Jumping on Facebook tonight caught me off guard. Why? I don’t know because I got what I asked for. Yesterday, a FB friend shared she was running a race for the Brain Aneurysm Foundation in memory of her mom. Teresa offered to write names on her bib of anyone’s loved ones who had a brain aneurysm. I replied “Grandma Pape” in the comments, then moved on with life.
Tonight I opened FB, and there sits Teresa’s race bib with my request. A mix of stinging, healing tears welled in my eyes.
Grandma Pape was my confidant. She had moved to Holdrege, my hometown, during my critical tween and teen years. I spent many a nights talking about life in her basement as she decorated wedding cakes and made mints. When I moved to New York, she wrote me letters often.
I had just talked to her on the phone for Thanksgiving. Then I got the call that she had suffered a brain aneurysm right after the holiday. Luckily she lived through it, but it was not in a good place to operate. Where would she go? What would she do? I talked to my boss as I had planned to leave N.Y. in January, and they had not found a nanny replacement. I made a deal that if I could go home through Christmas and take care of my Grandma, I would come back for another six months and get them through the school year. My boss took the deal, as she had just shut the doors on her company and would have some down time.
The month of December (1990), I decorated Grandma’s house for Christmas. Cooked her meals of foods I learned about only in New York. We talked about her childhood as the sunset and the Christmas lights came on each night. We beat each other in Wheel of Fortune puzzles. Her fear of the aneurysm erupting hardly ever showed. The doctor had said something about not taking steps/stairs, so she seemed to have some trepidation when she came near her basement steps. Otherwise, we did a lot of ‘hanging out’, as my 19 year old self saw it. I had too little life experience to even begin to understand what Grandma was going through. I just know my strongest memory was going over to my parents’ house to celebrate Christmas, Grandma’s last Christmas. I left for New York the next week after ringing in the New Year and taking down the Christmas tree.
It was a short time -days, maybe a week – before I got the call, my Grandma was in the hospital. She would be gone soon. I didn’t get to go home for her funeral. I knew this would be the choice when I chose to go home for the month to take care of her. It hurt all the same, it just hurt lonely. Today when Teresa posted her bib and I saw “Grandma Pape”, I didn’t feel alone anymore- the pain seemed shared, it seemed understood. Thank you for running Teresa! Here’s a shout out to your mom cheering you on from the streets of Heaven- you are not alone!
July 15, 2019, I left work after a great evening doing what I love…teaching. It was the county fair bb gun contest which I assumed would be just another night. Then, it happened, I was asked to be in charge of challenges. None of the kiddos had ever challenged their targets before nor their parents, so I taught! I taught how to score, add up scores, and look closely for the rounded edge of the hole to see if the bb broke the line, giving just one more point to the competitor. It was FUN! The last young man to look at his target wanted to challenge, and he won the challenge! He walked away with his shoulders held high. Another day well lived in my career where a young person learned methods, steps, and critical thinking. The 4-H leader that night stepped up to also celebrate the lowest score of the tournament. The young lady had shown the most improvement this year which no score could reflect. I gave thanks for leaders who ‘get it’, and I witnessed it on this special anniversary, the 20th anniversary of my career in Extension. I started my career in Extension on July 15, 1999 in Seward County. Later taking a position as an Educator, August 20, 2012.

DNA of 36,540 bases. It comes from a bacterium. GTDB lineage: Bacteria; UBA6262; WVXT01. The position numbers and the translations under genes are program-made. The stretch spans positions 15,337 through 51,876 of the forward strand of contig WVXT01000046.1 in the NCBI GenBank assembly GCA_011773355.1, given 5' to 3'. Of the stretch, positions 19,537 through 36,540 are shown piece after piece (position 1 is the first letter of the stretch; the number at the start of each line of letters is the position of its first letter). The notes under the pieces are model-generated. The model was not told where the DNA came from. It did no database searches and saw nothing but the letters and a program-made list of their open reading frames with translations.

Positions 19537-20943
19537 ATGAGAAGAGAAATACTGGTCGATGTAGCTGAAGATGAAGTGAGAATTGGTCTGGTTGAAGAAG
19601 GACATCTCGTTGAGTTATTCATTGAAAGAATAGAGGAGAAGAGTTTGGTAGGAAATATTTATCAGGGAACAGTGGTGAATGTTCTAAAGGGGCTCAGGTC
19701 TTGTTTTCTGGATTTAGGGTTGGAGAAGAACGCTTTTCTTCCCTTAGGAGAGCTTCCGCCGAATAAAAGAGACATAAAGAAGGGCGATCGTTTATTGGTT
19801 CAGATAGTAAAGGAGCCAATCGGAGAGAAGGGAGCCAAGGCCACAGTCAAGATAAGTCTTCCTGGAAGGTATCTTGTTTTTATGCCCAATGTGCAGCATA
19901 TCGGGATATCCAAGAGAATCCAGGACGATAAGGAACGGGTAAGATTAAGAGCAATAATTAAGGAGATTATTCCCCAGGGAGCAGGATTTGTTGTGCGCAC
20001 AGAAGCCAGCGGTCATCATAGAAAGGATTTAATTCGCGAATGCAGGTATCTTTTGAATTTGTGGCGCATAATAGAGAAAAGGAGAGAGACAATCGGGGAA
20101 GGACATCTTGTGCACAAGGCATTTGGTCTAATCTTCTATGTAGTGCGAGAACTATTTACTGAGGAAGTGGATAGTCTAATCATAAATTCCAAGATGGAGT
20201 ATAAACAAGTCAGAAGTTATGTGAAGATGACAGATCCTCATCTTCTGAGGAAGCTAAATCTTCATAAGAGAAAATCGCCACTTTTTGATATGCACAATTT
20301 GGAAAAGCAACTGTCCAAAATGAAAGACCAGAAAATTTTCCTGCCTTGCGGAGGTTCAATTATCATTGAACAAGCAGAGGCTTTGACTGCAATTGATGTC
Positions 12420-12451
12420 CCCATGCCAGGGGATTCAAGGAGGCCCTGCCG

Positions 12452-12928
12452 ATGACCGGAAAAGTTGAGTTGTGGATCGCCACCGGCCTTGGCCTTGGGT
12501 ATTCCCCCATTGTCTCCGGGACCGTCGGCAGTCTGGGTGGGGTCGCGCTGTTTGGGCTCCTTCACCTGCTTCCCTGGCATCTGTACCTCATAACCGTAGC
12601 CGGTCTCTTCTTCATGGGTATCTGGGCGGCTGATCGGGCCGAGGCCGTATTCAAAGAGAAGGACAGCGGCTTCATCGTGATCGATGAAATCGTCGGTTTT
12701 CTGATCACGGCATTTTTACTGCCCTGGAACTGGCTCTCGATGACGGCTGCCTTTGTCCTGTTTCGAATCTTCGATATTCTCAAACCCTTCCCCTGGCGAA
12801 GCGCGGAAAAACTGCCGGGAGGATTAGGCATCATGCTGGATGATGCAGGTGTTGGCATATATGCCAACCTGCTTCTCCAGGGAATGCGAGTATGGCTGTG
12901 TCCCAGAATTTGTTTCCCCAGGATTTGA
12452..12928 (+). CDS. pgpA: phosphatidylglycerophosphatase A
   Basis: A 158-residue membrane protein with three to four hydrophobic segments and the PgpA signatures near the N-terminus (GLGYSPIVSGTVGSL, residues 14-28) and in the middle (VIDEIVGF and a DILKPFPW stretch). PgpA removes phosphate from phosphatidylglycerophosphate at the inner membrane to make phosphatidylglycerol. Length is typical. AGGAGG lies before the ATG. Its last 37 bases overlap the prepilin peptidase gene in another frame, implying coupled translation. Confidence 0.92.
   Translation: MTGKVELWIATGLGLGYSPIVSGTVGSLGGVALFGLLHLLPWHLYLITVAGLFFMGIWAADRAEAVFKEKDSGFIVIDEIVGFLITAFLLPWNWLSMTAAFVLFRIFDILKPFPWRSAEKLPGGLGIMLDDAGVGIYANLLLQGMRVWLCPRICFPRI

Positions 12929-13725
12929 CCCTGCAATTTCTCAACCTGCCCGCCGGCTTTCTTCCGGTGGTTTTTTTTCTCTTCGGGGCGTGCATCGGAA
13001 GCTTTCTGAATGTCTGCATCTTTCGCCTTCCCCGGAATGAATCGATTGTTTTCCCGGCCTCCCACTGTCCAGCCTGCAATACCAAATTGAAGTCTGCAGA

I knew I wanted to celebrate through a blog post, but working every night I knew Wednesday, July 16, would be my only chance to reflect and write. Then I had some family commitments and delayed the celebratory blog. I almost gave up writing this, but then I meditated with a song this morning called “>“Wonder Woman” by MK Mueller . The song’s message reminded me to take a moment and do something that brings me joy…writing life’s stories, celebrating life’s blessings.
4-H is truly a team of people whom parents (and often grandparents) choose to have help raise their children. I feel so honored when a parent chooses me to be a part of that team, or entrust a volunteer recruited under my leadership/encouragement/training. When I left the field of ministry in a preschool and a high school program in 1999, I couldn’t imagine a job outside the church could be a ‘calling’. What I found out, is a calling isn’t just about a position, or the organization you call ‘work’. The calling is about being where I needed to be at any moment for others to live out a significant moment in their life. Many people may think this happens around county fair, but rarely for me.